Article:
previous next

[541] Hays's and Smith's brigades into camp at Lauck's mill near the railroad, some two miles north of the town. Hoke's brigade, under Avery was marched into the town and quartered in some extensive buildings put up for hospitals. I found General Gordon in the town, and repeated to him the directions to move to the Susquehanna and secure the Columbia bridge if he could, and he promptly moved his command in that direction. I then made a requisition upon the town authorities for 2,000 pairs of shoes, 1,000 hats, 1,000 pairs of socks, $100,000 in money, and three day's rations of all kinds for my men. Subsequently, between 1,200 and 1,500 pairs of shoes and boots, the hats, socks and rations were furnished and issued to the men, but only the sum of $28,600 in money was furnished, which was paid to my quartermaster, Major Snodgrass--the chief-burgess or Mayor and other authorities protesting their inability to raise any more money, as they said nearly all in the town had been previously run off, and I was satisfied that they had made an honest effort to raise the amount called for.

A short time before night I rode out in the direction of the Columbia bridge to ascertain the result of Gordon's expedition, and had not proceeded far before I saw an immense smoke rising in the direction of the Susquehanna, which I subsequently ascertained arose from the burning of the bridge in question. On arriving at Wrightsville, on the bank of the Susquehanna opposite Columbia, I learned from General Gordon that on approaching Wrightsville in front of the bridge he found a command of militia, some 1,200 strong, entrenched, and after endeavoring to move around the flank of this force to cut it off from the bridge, which he was unable to do promptly from want of knowledge of the locality, he opened his artillery on the militia, which fled at the bursting of the third shell, when he immediately pursued; but, as his men had then marched a little over twenty miles on a very warm day, the enemy beat them running. He, however, attempted to cross the bridge in pursuit and the head of his column got half-way over, but he found the bridge, which had been prepared for the purpose, on fire in the middle. As his men had nothing but muskets and rifles to operate with, he sent back for buckets to endeavor to arrest the flames, but before they arrived the fire had progressed so far that it was impossible to extinguish it; he had therefore been compelled to return and leave the bridge to its fate. This bridge was one and one-quarter miles in length, the superstructure being of wood on stone abutments and piers, and it included under one covered structure a railroad bridge, a passway for wagons, and also a tow-path for the canal which here crosses the river by means of locks and a dam below. The bridge was entirely consumed,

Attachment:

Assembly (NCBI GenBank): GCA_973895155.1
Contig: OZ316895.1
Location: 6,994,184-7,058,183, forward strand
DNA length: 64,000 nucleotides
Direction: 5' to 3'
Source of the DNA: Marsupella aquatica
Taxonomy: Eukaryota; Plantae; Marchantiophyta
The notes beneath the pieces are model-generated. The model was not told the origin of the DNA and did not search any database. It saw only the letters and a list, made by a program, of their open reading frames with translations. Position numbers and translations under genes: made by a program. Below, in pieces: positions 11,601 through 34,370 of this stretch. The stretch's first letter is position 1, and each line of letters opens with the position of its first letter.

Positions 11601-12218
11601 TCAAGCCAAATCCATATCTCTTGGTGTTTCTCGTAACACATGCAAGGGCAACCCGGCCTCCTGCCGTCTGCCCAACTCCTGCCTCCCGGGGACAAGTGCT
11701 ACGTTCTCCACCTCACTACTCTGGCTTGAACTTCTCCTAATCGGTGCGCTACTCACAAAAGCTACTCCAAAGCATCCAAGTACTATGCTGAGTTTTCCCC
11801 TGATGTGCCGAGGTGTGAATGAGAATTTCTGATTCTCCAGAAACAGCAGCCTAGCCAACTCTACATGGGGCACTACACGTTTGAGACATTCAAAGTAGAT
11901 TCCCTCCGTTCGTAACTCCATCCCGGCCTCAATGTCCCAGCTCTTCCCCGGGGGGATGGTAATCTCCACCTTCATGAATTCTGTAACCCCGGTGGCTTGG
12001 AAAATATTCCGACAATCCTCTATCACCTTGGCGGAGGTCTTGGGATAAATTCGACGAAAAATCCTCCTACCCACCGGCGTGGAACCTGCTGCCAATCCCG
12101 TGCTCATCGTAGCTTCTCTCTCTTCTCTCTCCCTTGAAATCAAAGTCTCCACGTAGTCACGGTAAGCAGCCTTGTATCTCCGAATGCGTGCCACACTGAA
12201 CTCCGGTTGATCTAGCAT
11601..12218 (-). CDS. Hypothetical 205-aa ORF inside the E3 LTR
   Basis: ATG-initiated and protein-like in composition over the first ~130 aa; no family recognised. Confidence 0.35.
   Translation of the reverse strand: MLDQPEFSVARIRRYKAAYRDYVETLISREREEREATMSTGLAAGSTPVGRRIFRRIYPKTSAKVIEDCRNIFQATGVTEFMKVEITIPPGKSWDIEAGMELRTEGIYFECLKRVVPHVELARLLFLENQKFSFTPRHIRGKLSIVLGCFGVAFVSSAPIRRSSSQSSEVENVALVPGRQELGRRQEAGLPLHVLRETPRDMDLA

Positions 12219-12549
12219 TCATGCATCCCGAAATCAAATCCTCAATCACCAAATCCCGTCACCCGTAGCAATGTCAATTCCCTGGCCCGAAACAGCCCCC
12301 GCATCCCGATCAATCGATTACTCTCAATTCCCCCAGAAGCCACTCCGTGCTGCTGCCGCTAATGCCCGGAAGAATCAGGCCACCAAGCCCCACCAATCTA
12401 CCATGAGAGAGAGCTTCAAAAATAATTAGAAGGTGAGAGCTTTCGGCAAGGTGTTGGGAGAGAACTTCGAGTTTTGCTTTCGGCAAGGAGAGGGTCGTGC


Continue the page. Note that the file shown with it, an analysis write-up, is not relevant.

Creative Commons License
This work is licensed under a Creative Commons Attribution-ShareAlike 3.0 United States License.

An XML version of this text is available for download, with the additional restriction that you offer Perseus any modifications you make. Perseus provides credit for all accepted changes, storing new additions in a versioning system.

hide Places (automatically extracted)
hide People (automatically extracted)
Sort people alphabetically, as they appear on the page, by frequency
Click on a person to search for him/her in this document.
David S. Gordon (3)
Snodgrass (1)
William Smith (1)
Robert F. Hoke (1)
Harry T. Hays (1)
Clark M. Avery (1)
hide Display Preferences
Greek Display:
Arabic Display:
View by Default:
Browse Bar: